5. The deficiencies/short comings pointed out by the second respondent, for refusing permission is that “functional X-ray and ECG, Web based computerized central registration system, Aadhar based geo location enabled attendance system which is installed but is not functioning, USG facility, functional operation theatre and deliveries has not been conducted”.

6. The said order is challenged in this writ petition, on the ground that Ayurveda Doctors are not performing major operation and presence of minor operation theatre has been verified and certified by the inspection team and after interim order passed by this Court, granting stay of the family welfare Government Order, which mandates functional operation theatre in the Ayurveda College, deliveries cannot be conducted in the hospital attached to Ayurveda College and therefore, major deficiency mentioned for refusing permission are not possible of compliance. The other deficiencies regarding infrastructure, X-ray, ECG equipments, the same are available in the petitioner Institute and the Visiting Team has verified and acknowledged the presence of these equipments. As far as the USG facility is concerned, documentary evidence produced before the visitation team as well as the hearing committee that the college has MoU with one Pandian Hospital at Sriperumbudur which is sufficient as per the regulation. The Aadhar based geo location already implemented in the college of ensuring attendance, the visitation team has personally verified the same. Therefore, the second respondent quite contrary to the report of the visitation team and the explanation given by the petitioner college has denied permission for admitting students for the academic year 2018-2019. Hence, sought for certiorarified mandamus to quash the impugned proceedings of the second respondent dated 27.09.2018 and to permit the petitioner Institute to admit students in B.A.M.S., course for the academic year 2018-2019.

7. This Court in the interim application, after hearing the petitioner and the respondents granted interim stay of the impugned order on 10.10.2018 and by virtue of the interim order, the petitioner Institute has admitted students subject of the outcome of this writ petition.

8. The learned counsel for the petitioner assailed the impugned order on the ground that when there is stay order operating against the inspection for conducting operation and absence of functional operation theatre cannot be a ground for granting permission and further would submit that the second respondent for the current academic year 2019-2020, the Central Council of Indian Medicine carried out an inspection on 18.03.2019 and 19.03.2019 re-assessed the availability of infrastructure and faculty and had recommended the second respondent to grant permission for admitting students for the academic year 2019-2020. Accordingly, the second respondent has granted permission on 23.07.2019 for admitting students for the academic year 2019-2020.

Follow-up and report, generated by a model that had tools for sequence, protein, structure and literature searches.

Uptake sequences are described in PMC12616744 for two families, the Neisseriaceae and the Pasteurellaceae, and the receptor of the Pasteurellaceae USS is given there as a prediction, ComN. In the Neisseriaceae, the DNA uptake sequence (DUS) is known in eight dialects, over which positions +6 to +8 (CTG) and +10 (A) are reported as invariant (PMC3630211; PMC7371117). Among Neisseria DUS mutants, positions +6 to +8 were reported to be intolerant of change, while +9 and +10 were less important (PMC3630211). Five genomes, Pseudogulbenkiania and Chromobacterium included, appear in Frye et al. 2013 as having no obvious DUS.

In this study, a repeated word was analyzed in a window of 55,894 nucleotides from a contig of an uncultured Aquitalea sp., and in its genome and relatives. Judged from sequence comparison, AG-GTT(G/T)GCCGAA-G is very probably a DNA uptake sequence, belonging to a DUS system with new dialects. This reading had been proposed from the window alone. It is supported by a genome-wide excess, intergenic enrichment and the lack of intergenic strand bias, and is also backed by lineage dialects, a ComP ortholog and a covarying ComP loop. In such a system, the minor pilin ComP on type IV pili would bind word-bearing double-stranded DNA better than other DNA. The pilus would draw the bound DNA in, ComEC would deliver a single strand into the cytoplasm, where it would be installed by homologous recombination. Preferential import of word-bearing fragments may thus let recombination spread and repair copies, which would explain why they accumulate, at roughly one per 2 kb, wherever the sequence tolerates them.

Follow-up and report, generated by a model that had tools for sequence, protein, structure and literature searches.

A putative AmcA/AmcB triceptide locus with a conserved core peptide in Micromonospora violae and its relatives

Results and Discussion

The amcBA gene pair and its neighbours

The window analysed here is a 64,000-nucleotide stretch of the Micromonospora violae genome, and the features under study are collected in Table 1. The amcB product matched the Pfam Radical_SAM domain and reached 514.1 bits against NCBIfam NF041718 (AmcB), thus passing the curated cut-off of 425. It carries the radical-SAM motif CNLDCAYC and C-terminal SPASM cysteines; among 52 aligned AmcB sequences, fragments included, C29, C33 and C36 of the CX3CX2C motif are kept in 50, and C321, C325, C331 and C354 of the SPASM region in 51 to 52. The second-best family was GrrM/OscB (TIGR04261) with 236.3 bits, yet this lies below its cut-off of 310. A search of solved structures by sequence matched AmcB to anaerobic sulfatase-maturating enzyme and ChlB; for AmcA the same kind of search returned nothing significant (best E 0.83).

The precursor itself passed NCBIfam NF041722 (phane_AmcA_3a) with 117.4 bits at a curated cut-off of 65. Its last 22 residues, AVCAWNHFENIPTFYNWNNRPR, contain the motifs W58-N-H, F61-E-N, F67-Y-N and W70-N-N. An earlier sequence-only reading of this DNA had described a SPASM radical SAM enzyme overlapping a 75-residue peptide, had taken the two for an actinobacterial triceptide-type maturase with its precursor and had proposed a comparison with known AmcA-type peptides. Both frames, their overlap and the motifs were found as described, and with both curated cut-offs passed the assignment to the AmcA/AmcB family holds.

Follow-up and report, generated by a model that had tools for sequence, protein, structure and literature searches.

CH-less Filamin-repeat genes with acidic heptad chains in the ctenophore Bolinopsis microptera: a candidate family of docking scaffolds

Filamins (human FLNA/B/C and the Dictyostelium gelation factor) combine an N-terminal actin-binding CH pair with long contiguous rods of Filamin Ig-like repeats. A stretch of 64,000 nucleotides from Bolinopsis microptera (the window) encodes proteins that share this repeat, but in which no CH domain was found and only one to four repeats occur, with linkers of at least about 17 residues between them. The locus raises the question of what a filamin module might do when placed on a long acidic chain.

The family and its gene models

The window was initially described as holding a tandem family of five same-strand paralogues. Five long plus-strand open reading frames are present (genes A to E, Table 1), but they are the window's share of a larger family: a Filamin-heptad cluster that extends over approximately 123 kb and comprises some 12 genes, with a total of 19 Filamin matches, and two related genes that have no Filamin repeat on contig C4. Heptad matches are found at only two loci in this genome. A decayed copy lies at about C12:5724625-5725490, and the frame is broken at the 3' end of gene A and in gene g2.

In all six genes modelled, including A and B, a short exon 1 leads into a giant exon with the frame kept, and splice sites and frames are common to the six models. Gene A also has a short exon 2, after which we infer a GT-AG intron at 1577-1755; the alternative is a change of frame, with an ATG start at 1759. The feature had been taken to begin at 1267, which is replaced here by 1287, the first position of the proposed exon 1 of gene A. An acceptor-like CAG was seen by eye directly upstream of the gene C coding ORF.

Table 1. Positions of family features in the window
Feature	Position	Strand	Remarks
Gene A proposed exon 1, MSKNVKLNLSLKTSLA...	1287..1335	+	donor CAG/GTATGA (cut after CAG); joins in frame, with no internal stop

9. The learned counsel for the third respondent referring the counter affidavit would submit that as per the Indian Medicine Central Council (Requirements of Minimum Standards for Under Graduate Ayurveda Colleges and attached Hospitals), 2016, the colleges have to get permission for admitting students every year and permission is granted after inspection by the Central Council of Indian Medicine experts. Any deficiency in the inspection will be informed to the Institute for rectification. If the deficiencies pointed out are not rectified by the Institute, permission will be denied. The petitioner Institute has not fulfilled the basic eligible criteria for establishing Ayurveda college. The visiting committee after inspection found the petitioner college has not fulfilled the following requirements:-

“i. Functional Operation Theatre is not available as per RMS.

ii. Deliveries have not been conducted from 1st Jan 2017 to 31st Dec 2017.

iii. Web based computerized central registration system simple imprisonment not available as per RMS, 2016;

iv. Availability/functionality of X-ray, ECG and USG not available

v. Aadhaar based Geo location enabled attendance system for teaching staff, non-teaching staff and hospital staff is not available.”

10. When the same was sought to be rectified, the petitioner Institute did not rectify it. Therefore, the permission for admitting students was denied after affording opportunity to the petitioner Institute to rectify the same. The petitioner Institute apart from shortage of teaching and non teaching staff, there was deficiency in functionality also which was pointed out to the petitioner Institute vide order dated 27.09.2018.